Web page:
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No. of Recommendations: 5
"I'm unsure of how to measure the performance of the pension.
All I know is that by age so-and-so, I'll receive X dollars per month and that I can cash out now (approx \$30,000)." - lyates1

To me, that is the key here. If you know the monthly payout at age 65, you can pretty well figure out the yield on the account. If that yield is satisfactory, stick with the pension...if not, roll it over and start self-directing the funds.

Let's say the payout is \$500/month at age 65. That is \$6000/year 13 years from now. The series present value factor at 6% for 20 years (age 85) is 11.470...so your \$6000/year is worth about \$68,820 at age 65.

Now, we can work that number backwards to the present day. \$68,820 in 13 years versus \$30,000 today is a present value of 2.294. This equates to a compound yield of 6.59%. Thus, it seems to me that your pension would yield slightly better than 6% if you left it alone AND if it promised to pay you \$500/month.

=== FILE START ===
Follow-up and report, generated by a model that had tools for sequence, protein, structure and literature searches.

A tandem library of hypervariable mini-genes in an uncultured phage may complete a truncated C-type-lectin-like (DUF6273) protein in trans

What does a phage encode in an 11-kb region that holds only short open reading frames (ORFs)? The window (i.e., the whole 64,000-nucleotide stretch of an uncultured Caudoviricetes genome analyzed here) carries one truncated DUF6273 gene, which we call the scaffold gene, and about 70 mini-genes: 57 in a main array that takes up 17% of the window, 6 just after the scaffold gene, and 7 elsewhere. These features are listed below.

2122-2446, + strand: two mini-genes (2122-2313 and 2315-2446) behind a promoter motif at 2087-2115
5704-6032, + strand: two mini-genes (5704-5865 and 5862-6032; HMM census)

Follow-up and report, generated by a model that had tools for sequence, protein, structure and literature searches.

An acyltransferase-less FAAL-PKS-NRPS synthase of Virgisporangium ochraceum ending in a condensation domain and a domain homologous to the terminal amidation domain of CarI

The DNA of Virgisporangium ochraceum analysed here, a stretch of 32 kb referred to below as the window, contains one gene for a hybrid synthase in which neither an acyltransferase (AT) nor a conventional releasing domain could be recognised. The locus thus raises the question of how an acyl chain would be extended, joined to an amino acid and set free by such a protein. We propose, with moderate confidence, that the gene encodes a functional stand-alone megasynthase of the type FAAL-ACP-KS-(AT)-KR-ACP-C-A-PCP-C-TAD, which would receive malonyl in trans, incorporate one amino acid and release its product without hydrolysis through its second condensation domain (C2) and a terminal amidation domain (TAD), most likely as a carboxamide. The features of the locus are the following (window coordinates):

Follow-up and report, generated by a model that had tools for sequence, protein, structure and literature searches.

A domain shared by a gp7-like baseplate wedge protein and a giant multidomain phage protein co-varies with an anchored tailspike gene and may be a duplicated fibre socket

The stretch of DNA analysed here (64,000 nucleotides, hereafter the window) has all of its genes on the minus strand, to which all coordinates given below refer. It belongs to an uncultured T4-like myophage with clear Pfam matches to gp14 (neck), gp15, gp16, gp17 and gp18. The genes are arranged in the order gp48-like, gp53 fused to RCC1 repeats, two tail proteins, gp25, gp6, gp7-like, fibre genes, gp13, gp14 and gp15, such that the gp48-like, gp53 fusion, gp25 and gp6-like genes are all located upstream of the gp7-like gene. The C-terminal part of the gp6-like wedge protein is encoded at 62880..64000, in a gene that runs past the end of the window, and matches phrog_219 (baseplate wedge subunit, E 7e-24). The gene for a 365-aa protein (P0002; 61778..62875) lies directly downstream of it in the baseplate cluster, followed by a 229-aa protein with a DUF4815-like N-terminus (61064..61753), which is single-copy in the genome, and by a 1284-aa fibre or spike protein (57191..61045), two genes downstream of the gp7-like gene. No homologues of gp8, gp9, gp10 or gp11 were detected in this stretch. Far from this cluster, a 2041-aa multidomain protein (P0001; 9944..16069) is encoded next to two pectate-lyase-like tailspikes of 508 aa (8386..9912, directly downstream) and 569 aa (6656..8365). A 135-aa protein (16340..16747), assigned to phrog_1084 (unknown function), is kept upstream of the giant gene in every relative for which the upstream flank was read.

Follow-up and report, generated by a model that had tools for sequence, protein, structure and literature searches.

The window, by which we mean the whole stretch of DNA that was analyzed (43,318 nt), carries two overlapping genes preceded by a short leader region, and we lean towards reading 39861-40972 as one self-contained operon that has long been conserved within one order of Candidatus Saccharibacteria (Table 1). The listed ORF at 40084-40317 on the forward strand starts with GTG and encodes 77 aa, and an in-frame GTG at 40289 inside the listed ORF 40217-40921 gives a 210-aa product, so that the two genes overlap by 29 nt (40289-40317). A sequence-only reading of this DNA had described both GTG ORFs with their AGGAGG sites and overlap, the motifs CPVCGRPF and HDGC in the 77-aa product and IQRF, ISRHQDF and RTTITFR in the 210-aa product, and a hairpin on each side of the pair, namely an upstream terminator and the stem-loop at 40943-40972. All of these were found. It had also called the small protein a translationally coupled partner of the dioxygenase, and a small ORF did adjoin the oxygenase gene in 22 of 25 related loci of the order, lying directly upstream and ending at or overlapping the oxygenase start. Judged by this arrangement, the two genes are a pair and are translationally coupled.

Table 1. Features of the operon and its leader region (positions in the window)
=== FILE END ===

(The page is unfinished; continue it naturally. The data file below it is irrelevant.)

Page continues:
Based on all this, look at the monthly payout. If it is under \$500/month, get it into your own IRA fast! If it is over \$500/month, ask yourself what yield would satisfy you...I bet the answer is that you can do far better on your own if you try.

Let's do this thing the other way. Let's assume you can make 10% on your personal investments. \$30,000 today at 10% will net 3.452 times your money in 13 years...or \$103,560 at age 65. Then, at 10%, you can take out \$12,164/year for 20 years or better than twice the pension plan amount. Or, at a SWR of 4%, you can take out \$635/month and never touch your \$103,560 of capital! You can leave over \$200K behind for your heirs.

Such is the beauty of compound interest and having control over your own money.

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